Have you ever thought about taking on music full time?
I have! Some day I hope to open up a fully furnished recording/mixing studio in my home, but for now I'm grateful for what I have. As I said before, I'm blessed to have a career to that can financially fund this passion in audio engineering.
I also think that having my career helps take some of the pressure off possibly forcing creativity and meeting schedule constraints…however I never want that to be an excuse for procrastination!
Have you made any music today?
Yes, in fact I'm working on a couple singles for Christmas: a cover of 'What Child is This?' and 'O Holy Night'. One is very stripped down acoustic-sounding while the other will be heavier with some metal guitars.
Tell us a bit about your workflow at the studio or when creating music?
In the studio, I'm a fan of the Chris Lord-Alge approach of time being the enemy. While I don't intend to rush anything, I do believe in committing to a sound or track to mitigate the possibility of 'chasing the white whale'. Using a setup mixing template is very helpful in this regard, with pre-loading plugins, tracks, and arrangement markers.
Creatively my approach is a bit different as I try not to force a song together if it isn't gelling. I admire and try to emulate Mark Tremonti who will capture guitar riffs, verses, or choruses over years and when collaborating or writing will combine them as they fit. This approach requires patience and diligence, but I truly believe it serves the song best by allowing for the cream to rise to the surface when songwriting.
Any habits you have before starting a session?
Before a mixing session, I like to listen to as many reference tracks as possible. With the internet, we're truly blessed to have millions of lessons and aids at our finger tips within a matter of seconds, so I try to take advantage of that and see if there are any songs to reference which match the feeling and character of the song that I'll be mixing. Before a songwriting session, I love to grab my acoustic and load a good backbeat groove into Logic Pro to mess around with.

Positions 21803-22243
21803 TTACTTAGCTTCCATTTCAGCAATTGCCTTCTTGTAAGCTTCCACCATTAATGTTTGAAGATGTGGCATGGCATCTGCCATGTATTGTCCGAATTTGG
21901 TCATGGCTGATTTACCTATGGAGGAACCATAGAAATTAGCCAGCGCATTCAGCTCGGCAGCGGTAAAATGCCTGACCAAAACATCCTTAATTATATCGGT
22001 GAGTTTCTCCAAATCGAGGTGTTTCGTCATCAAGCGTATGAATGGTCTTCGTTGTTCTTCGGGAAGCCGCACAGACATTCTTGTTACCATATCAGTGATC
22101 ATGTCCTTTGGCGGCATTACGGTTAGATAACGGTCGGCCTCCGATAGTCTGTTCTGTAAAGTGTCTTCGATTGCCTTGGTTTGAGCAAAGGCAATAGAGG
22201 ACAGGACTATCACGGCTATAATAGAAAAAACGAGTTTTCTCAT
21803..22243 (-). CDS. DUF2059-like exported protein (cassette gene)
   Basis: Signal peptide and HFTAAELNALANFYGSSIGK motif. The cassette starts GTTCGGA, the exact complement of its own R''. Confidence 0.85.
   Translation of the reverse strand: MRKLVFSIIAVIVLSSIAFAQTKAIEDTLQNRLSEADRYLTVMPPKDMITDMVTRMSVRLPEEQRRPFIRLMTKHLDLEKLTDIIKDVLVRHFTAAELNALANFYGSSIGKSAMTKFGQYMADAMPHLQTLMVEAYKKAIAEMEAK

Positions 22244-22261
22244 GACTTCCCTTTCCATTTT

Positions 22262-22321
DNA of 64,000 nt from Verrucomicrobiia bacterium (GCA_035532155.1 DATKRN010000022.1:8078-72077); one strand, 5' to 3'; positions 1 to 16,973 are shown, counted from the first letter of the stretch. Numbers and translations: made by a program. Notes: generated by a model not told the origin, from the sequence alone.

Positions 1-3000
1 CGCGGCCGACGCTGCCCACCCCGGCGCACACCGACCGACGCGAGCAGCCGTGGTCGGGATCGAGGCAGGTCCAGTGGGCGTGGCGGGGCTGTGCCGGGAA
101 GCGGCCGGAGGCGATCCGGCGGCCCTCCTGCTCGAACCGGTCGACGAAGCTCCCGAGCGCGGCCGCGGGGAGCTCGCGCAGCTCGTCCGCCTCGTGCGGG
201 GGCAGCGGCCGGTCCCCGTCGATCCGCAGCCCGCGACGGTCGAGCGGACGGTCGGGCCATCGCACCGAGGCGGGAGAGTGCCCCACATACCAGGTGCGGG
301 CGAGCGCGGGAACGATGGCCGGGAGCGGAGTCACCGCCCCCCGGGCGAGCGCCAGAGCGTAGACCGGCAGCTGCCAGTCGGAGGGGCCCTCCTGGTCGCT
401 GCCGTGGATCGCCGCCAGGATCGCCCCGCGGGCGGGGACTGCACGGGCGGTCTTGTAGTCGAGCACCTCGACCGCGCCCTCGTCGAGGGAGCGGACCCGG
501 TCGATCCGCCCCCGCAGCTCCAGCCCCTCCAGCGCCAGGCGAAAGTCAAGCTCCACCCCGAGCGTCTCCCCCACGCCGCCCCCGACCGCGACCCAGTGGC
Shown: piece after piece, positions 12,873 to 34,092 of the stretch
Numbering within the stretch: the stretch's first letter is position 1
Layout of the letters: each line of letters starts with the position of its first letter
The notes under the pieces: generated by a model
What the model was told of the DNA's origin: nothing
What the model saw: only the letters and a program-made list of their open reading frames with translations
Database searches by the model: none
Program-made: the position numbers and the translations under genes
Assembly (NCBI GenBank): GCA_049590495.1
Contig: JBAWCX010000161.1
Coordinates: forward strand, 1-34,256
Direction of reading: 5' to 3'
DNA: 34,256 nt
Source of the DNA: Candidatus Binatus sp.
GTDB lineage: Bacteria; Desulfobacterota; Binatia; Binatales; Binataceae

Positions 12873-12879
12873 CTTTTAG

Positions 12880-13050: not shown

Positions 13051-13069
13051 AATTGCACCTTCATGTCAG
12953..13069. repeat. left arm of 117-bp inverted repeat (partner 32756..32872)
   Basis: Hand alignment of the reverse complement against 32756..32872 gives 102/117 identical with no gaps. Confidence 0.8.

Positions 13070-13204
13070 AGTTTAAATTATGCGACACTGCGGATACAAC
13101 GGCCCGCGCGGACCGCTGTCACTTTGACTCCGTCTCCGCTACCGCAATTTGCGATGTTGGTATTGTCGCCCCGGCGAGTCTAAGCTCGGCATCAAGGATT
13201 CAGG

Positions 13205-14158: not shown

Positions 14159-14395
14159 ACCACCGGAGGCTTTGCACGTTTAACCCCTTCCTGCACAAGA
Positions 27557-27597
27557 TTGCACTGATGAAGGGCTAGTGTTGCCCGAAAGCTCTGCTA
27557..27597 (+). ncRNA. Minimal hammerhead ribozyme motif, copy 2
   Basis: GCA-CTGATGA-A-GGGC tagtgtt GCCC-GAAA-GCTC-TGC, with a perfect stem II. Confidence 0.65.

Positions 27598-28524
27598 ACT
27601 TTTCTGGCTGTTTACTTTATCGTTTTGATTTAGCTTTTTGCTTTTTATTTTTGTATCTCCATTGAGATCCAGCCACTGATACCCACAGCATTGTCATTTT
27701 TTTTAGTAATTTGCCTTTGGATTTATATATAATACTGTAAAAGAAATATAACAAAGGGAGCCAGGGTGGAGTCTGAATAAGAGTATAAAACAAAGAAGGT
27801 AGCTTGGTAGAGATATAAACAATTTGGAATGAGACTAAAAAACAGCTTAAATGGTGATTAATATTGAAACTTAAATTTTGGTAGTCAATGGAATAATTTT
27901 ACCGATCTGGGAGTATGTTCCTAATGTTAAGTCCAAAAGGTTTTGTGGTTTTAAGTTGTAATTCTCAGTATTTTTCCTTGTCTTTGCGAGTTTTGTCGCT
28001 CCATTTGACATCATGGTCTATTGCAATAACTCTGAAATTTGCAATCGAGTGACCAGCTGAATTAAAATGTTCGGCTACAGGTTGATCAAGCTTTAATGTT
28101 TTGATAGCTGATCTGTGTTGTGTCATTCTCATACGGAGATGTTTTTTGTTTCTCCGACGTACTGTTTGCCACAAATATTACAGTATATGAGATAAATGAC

It's amazing what a few hours of looping and recording can do for generating some interesting riffs and phrases.
What is one of your favorite instruments and why?
Hands down it's my Line 6 JTV-59 Variax Les Paul electric guitar. Having the ability to change tunings on the fly or change tonal character (from an acoustic to a Stratocaster, to a sitar), it's incredible for inspiring creativity.
One Free plugin that you recommend?
Definitely would recommend Valhalla FreqEcho from Valhalla DSP
Which three plug-ins you can't live without?
1. Ozone Advanced by iZotope
2. Pro-L 2 Limiter by FabFilter
3. Melodyne by Celemony
Favorite piece of studio gear?
For Mixing: Mackie Big Knob. As lame as this might sound, the Big Knob is so helpful for A/B-ing mixes and the 'big knob' makes cranking the volume a piece of cake.
For Songwriting: KordBot by Isla Instruments. The creative potential out of this badboy is endless!
What does the future hold for James Gancarz in the music industry?
Hopefully, it's bright! I have a Christmas album coming out with the big band later this year, another album with a 1920's Dixieland group I play with, a few singles of my own, and starting next year I'm hoping to finish an EP as well as kick off a new side project 'HY-80' which will be primarily hard rock/metal. I'm also grateful to collaborate with a buddy of mine in a group called KingdomBorn which is a blues/rock group; hoping to have an album out next year as well. Looking forward to a year full of music and learning!
Last question, What is your favorite SoundGym Feature, and why?
Without a doubt, it's 'EQ Cheetah' – this feature alone has improved my EQ listening skills immensely!